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Exploring Mushroom Cultivation and Accessibility at Entheofest 2023 (Sept 17, 1pm, Ann Arbor, MI)

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September is Entheogenic Plant and Fungi Awareness Month, and Priorclave North America is pleased to be a sponsor of Entheofest 2023, an annual event celebrating the exploration of therapeutic plants and fungi while working towards greater equity and accessibility in this growing field.

This year’s event features speakers, demonstrations, workshops, and community activities. It also celebrates the third anniversary of the Ann Arbor resolution to decriminalize entheogenic plants and fungi. According to Ann Arbor City Council Member Jeff Hayner, “Decriminalization of naturally occurring medicines is necessary for progress. …. I have been moved by the testimonies of those who have found profound relief from the use of entheogenic plants.”

This year’s speakers include Michigan State Senator Jeff Irwin. As Irwin notes, “Entheogens have a long history of cultural and religious significance, with legitimate medical benefits. These are substances that are particularly unlikely to be abused, with a low negative impact on human health. So, when you look at a legal system that makes substances like that strictly illegal, it makes you scratch your head and wonder why. As citizens work to expand decriminalization, it’s important that we do so in a way that serves our values and our community.”

Increasing Access to Healthy Sustenance

But, of course, this is about more than psychoactive mushrooms. Erik Vaughn is a founder of Epiphany Mushroom Company, a mycological manufacturer and service provider with operations in Michigan, Ohio, and Colorado, as well as an Entheofest cosponsor. He explains:

“In the US, the fresh mushroom market is incredibly narrow: 90% of the fresh mushrooms are Agericus,” which includes both portobello mushrooms and the “white button” mushrooms familiar to most Americans. “73% of the grow space in the country for those mushrooms is in one county in Pennsylvania. How many Americans think they don’t like mushrooms, when really they don’t like mushrooms from Kennett Square, PA, because that’s all they’ve ever been served?”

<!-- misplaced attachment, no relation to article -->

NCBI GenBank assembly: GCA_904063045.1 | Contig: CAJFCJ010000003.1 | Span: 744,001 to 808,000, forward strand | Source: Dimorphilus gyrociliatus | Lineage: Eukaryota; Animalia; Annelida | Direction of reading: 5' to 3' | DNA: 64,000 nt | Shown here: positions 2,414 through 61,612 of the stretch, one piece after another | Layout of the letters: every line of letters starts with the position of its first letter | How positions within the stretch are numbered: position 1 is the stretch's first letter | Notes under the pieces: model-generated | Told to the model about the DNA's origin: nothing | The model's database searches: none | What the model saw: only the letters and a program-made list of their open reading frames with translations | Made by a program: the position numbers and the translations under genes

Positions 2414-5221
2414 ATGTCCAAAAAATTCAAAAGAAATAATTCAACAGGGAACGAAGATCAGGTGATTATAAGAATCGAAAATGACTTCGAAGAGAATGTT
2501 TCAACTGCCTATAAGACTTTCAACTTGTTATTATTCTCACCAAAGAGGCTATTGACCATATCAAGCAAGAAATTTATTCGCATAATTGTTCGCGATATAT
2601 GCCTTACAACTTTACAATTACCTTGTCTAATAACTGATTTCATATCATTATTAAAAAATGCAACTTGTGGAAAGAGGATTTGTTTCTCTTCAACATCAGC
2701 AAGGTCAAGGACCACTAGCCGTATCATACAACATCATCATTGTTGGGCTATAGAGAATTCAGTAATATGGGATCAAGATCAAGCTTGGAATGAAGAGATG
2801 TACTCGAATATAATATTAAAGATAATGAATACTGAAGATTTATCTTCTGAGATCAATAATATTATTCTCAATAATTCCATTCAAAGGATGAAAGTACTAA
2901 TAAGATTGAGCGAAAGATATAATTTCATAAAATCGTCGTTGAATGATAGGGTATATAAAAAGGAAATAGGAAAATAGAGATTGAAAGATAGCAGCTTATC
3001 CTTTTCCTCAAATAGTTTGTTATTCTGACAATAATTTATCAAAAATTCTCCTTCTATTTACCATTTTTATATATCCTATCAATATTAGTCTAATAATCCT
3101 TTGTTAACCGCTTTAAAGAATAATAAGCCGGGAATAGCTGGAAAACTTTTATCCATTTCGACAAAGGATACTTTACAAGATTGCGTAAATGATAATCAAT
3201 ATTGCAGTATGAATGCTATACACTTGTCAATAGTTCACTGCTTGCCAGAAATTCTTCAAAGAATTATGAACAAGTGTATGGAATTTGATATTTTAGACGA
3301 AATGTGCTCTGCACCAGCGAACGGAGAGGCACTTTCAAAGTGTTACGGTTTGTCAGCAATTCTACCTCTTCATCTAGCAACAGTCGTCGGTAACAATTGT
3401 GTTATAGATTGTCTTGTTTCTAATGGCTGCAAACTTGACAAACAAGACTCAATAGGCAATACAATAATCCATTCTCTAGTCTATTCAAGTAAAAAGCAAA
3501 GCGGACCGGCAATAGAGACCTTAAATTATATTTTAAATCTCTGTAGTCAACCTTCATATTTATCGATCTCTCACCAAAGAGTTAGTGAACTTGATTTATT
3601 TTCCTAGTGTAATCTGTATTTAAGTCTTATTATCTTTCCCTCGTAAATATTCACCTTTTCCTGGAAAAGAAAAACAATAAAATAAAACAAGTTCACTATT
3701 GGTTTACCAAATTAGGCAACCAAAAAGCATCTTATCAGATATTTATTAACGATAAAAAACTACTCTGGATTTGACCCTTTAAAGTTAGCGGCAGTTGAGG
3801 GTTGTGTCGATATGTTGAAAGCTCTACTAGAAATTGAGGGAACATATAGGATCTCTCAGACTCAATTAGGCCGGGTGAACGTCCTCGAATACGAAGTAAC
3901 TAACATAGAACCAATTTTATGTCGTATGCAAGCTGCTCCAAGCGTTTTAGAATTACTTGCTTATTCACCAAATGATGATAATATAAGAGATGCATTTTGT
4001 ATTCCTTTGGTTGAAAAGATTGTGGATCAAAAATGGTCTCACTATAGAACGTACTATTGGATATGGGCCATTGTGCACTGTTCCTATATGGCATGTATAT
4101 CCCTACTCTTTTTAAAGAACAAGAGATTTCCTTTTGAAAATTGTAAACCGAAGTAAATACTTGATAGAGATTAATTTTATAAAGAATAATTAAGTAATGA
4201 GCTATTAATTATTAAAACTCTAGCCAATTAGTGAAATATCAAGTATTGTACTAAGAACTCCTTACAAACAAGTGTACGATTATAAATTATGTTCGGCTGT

Vaughn works to highlight the abundance that could be affordable and available throughout the United Status, once appropriate cultivation infrastructure is in place.

“There are hundreds of other nutritious and delicious mushrooms. But they’re just not available because we live in this society that adopted from British cuisine a real fear of mushrooms, limiting what is commercially cultivated and available. Lion’s Mane, for example, is incredible. First of all, it’s absolutely delicious. It is a center of the plate, substantial food. But people also take it daily as a dietary supplement, because of the neurogenic benefits. It helps with mood and cognition. Asian cultures have been using this in tea and fresh form for hundreds, if not thousands, of years.”

Right now, limited commercial cultivation keeps everything but the common Agericus out of reach for many consumers.  

“The demand is there. Now we need to make sure there can be a supply of appropriate substrate for growing Lion’s Mane, for example. This cannot only be for the wealthy population. This has to be accessible.”